Trauma and Survival

Posttraumatic Stress Disorder (PTSD), as defined in the DSM-V, is characterized by 5 symptoms. The last four must last longer than a month and cause significant distress:

  1. Exposure to trauma: death or threat of death or injury.
  2. Intrusive symptoms: memories, flashbacks, psychological distress, physical distress.
  3. Avoidance: trying not to think about the trauma, avoiding places that remind you of it.
  4. Negative alterations in thought and mood: amnesia, negative beliefs, distorted cognitions, lack of interest, detachment, estrangement from others, inability to experience positive emotions.
  5. Arousal: Irritability, angry outbursts, reckless behavior, hypervigilance, exaggerated startle, difficulty concentrating, insomnia.

At root, PTSD is a survival mechanism, a battlefield mentality, intended to keep us safe. It’s the body’s way of saying, “Never again will I be abused, attacked or in danger.” It becomes a problem when the alarm system goes off in the absence of real danger. It becomes a problem when individuals attempt to suppress “dangerous” thoughts and emotions. Alcohol, hypervigilance, and checking will not make one safer, but they do temporarily silence the alarm. And they all amount to experiential avoidance. An earlier article on this site, Core Beliefs and Assumptions in PTSD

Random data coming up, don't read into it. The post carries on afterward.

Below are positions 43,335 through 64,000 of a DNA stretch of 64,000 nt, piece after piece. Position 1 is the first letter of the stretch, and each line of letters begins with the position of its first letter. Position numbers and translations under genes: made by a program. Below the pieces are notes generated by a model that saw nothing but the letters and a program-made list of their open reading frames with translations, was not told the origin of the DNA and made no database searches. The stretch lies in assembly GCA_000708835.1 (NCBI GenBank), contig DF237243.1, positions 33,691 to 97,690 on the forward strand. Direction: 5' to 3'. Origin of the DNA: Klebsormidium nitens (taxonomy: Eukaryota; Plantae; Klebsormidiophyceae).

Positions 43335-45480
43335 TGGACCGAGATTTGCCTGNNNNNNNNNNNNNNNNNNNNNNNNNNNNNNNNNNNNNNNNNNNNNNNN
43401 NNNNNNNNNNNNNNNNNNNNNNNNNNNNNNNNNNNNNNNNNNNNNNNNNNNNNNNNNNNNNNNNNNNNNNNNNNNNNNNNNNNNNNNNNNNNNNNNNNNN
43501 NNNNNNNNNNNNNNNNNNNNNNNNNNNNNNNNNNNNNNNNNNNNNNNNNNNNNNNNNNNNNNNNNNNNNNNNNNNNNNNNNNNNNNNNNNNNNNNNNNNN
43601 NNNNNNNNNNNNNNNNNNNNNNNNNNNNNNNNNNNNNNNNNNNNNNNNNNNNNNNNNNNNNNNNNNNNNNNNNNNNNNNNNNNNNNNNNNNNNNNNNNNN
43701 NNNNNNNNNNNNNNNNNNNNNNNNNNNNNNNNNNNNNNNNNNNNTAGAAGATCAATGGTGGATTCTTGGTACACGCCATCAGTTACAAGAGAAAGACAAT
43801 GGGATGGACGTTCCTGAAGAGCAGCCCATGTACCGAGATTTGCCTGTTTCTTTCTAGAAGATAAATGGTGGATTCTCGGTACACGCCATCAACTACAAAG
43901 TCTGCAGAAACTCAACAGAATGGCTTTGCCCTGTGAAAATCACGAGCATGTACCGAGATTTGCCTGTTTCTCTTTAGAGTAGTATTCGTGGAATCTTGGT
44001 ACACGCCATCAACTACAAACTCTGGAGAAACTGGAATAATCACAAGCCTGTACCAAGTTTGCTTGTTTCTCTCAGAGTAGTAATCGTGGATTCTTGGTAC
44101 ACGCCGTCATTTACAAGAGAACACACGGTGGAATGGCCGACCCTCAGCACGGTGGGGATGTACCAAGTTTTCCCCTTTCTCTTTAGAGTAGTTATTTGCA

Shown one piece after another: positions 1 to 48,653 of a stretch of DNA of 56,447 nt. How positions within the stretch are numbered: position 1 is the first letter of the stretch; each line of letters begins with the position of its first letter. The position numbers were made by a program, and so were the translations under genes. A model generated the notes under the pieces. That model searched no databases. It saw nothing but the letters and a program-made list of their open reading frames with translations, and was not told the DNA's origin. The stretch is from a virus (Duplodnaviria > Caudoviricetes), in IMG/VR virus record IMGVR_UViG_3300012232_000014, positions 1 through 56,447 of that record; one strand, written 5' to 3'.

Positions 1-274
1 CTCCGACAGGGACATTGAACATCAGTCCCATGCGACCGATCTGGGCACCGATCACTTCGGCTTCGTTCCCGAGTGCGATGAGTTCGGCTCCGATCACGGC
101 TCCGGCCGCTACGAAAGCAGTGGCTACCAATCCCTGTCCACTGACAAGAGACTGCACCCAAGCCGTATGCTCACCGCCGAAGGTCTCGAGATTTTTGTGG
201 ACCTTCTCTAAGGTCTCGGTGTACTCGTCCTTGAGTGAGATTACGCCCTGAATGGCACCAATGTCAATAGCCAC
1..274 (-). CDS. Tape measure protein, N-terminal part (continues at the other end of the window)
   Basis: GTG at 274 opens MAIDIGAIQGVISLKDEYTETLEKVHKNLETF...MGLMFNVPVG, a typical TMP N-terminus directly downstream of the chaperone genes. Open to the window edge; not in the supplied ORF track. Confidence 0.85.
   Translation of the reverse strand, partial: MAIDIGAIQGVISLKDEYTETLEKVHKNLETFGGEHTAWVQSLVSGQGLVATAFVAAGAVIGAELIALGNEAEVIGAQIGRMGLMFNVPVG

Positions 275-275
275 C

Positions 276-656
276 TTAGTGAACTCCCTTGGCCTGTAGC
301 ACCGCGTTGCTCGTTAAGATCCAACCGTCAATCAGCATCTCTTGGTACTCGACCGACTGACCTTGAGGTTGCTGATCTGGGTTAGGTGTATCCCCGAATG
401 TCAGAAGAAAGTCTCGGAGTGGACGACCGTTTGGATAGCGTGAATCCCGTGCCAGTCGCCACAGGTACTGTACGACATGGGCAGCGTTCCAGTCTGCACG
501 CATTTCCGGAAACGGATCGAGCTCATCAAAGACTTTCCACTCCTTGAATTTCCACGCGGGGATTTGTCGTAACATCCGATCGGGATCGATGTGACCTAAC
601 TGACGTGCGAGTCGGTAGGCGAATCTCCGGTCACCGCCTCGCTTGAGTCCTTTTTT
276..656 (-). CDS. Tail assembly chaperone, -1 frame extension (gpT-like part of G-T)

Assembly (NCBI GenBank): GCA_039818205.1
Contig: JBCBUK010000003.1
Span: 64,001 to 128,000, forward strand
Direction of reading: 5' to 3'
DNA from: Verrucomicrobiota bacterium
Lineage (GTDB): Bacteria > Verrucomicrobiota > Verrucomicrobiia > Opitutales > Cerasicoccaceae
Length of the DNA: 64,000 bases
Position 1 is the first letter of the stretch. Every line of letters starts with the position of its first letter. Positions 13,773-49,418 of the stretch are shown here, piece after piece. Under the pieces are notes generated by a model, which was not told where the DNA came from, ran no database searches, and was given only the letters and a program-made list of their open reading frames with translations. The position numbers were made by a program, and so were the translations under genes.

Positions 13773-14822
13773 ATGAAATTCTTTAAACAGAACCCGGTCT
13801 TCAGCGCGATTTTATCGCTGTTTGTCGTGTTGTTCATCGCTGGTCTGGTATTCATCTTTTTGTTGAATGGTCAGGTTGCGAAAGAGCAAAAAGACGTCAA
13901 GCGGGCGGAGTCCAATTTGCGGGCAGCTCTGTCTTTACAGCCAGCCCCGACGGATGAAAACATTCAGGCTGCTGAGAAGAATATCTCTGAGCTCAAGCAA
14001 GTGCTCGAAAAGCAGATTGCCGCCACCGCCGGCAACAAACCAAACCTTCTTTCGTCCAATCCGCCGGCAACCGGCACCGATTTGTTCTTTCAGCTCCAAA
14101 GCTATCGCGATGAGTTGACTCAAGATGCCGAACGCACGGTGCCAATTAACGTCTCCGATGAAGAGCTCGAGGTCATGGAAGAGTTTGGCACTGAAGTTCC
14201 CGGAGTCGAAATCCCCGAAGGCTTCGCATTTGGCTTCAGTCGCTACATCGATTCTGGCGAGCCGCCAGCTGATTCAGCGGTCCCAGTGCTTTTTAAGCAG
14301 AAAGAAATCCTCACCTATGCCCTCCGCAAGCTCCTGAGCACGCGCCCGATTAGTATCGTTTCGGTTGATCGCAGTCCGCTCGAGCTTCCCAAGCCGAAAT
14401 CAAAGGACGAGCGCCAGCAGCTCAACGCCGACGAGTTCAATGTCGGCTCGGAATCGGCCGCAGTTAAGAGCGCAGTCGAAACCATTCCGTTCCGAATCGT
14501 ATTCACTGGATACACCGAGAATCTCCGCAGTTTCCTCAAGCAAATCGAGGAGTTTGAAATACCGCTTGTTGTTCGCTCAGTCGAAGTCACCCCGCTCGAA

Read more here:

https://beckinstitute.org/ptsd-survival-mechanism/

Leave a Reply

Fill in your details below or click an icon to log in:

WordPress.com Logo

You are commenting using your WordPress.com account. Log Out /  Change )

Google+ photo

You are commenting using your Google+ account. Log Out /  Change )

Twitter picture

You are commenting using your Twitter account. Log Out /  Change )

Facebook photo

You are commenting using your Facebook account. Log Out /  Change )

w

Connecting to %s